Mashongwa v PRASA (CCT03/15) [2015] ZACC 557 (26 November 2015) per Mogoeng CJ (Moseneke DCJ, Cameron J, Jafta J, Khampepe J, Madlanga J, Matojane AJ, Nkabinde J, Van der Westhuizen J, Wallis AJ and Zondo J concurring):

The Constitutional Court granted leave to appeal and allowed the appeal after regarding this case as raising important questions of law which could only be answered after proof of delictual liability based on wrongfulness, negligence and causation.

#1       Does a utility providing public transport become liable in delict for damages flowing from a breach of its public law duty to provide safety and security measures for its rail commuters?

#2       If there are no security guards on a train in which passengers are attacked and severely injured by criminals does this failure result in the utility being liable in delict for the ensuing damages?

#3       If the doors of the coach were not closed while the train was moving and a passenger is thrown out  and sustains injuries and damages does the law attribute delictual liability for that omission alone, or only when coupled with the absence of security guards?

Excerpts [footnotes omitted]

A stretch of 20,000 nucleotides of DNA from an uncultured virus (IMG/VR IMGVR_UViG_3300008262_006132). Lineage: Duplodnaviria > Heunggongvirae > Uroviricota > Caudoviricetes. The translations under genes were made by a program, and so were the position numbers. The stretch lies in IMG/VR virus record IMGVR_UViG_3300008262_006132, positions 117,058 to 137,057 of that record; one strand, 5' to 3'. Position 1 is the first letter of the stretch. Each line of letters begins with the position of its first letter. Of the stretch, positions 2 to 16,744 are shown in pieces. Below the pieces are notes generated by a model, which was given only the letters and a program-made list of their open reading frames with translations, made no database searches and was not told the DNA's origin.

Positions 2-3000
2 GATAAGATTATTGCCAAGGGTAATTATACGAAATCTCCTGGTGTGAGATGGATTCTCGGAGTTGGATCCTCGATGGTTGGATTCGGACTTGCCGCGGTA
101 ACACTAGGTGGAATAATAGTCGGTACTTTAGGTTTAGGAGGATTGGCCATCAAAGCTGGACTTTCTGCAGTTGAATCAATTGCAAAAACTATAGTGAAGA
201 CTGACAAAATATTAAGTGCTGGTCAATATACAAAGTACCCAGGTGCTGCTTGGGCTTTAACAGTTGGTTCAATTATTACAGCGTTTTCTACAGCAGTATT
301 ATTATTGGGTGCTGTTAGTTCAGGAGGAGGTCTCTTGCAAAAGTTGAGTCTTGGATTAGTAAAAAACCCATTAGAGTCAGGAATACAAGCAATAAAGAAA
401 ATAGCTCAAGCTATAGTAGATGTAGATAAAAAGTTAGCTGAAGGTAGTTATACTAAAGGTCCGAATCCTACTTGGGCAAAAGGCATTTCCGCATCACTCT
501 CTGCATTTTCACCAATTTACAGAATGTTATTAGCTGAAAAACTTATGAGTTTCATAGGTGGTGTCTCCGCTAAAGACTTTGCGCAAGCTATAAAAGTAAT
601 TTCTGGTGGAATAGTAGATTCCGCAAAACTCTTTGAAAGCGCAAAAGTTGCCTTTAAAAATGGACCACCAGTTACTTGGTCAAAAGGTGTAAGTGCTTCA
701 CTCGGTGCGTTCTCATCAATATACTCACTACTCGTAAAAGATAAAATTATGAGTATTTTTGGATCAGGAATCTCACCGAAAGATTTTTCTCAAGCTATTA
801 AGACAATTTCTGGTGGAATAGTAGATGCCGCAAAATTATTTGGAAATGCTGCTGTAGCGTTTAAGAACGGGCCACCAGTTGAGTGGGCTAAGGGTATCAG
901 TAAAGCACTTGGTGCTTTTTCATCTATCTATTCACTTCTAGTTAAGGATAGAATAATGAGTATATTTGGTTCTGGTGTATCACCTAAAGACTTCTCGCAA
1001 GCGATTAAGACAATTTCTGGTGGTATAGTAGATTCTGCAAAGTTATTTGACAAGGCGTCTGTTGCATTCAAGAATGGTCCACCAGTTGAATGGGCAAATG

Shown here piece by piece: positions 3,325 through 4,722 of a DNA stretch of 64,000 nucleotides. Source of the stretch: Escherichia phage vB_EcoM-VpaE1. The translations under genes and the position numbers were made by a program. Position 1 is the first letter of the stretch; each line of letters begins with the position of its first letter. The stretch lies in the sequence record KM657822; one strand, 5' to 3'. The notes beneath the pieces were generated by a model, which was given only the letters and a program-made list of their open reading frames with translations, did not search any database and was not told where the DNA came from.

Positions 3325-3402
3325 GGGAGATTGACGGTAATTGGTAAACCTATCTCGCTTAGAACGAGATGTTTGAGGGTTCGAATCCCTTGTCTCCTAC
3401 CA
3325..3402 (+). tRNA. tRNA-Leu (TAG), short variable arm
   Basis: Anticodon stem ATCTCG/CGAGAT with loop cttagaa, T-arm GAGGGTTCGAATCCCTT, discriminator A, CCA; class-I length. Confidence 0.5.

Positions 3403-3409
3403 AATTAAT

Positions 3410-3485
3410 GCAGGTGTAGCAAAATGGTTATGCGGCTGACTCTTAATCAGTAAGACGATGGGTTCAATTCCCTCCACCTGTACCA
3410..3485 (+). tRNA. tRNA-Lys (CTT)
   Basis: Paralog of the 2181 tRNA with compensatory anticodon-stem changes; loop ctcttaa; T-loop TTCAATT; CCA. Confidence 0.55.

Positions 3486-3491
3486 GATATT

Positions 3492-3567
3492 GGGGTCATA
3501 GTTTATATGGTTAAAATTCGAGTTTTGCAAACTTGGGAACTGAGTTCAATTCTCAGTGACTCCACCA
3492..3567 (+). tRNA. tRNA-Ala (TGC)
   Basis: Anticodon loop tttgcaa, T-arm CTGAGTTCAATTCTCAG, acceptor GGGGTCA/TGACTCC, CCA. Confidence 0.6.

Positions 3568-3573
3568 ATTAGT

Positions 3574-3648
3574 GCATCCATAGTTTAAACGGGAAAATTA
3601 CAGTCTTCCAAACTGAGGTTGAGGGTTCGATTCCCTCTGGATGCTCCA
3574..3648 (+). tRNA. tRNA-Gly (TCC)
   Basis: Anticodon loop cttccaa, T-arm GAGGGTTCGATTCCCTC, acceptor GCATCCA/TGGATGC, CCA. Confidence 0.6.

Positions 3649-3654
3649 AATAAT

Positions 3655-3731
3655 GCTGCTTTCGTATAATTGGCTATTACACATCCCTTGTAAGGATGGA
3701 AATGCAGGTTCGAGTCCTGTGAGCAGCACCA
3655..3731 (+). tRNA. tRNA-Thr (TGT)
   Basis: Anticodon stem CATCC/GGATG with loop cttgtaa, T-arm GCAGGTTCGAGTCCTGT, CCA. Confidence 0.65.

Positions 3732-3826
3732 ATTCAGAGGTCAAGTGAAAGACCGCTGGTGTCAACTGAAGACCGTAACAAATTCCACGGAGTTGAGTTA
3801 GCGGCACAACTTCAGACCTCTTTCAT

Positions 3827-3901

Leave to appeal

[15]      Leave to appeal must be granted.  As indicated above, this application raises a constitutional issue.  It also raises an arguable point of law of general public importance relating to PRASA’s legal obligations to protect its rail commuters from harm.  And Mr Mashongwa has reasonable prospects of success.  That this is so will become apparent in the ensuing discussion.  It is thus in the interests of justice that leave be granted.


. . . . .

[27]      When account is taken of these factors, including the absence of effective relief for individual commuters who are victims of violence on PRASA’s trains, one is driven to the conclusion that the breach of public duty by PRASA must be transposed into a private law breach in delict.  Consequently, the breach would amount to wrongfulness.

[28]      What needs to be stressed though is that in these circumstances wrongfulness does not flow directly from the breach of the public duty.  The fact that a public duty has been breached is but one of the factors underpinning the development of the private law of delict to recognise a new form of wrongfulness.  What we are concerned with here is the development of private law, taking into account public law.

[29]      It is in this context that the legal duty that falls on PRASA’s shoulders must be understood.  That PRASA is under a public law duty to protect its commuters cannot be disputed.  This much was declared by this Court in Metrorail.  But here this Court goes a step further to pronounce that the duty concerned, together with constitutional values, have mutated to a private law duty to prevent harm to commuters.

[30]      Now that the existence of a private law duty has been established, what remains for consideration is whether Mr Mashongwa has proved its breach.  This leads us to the question whether there was negligence on the part of PRASA.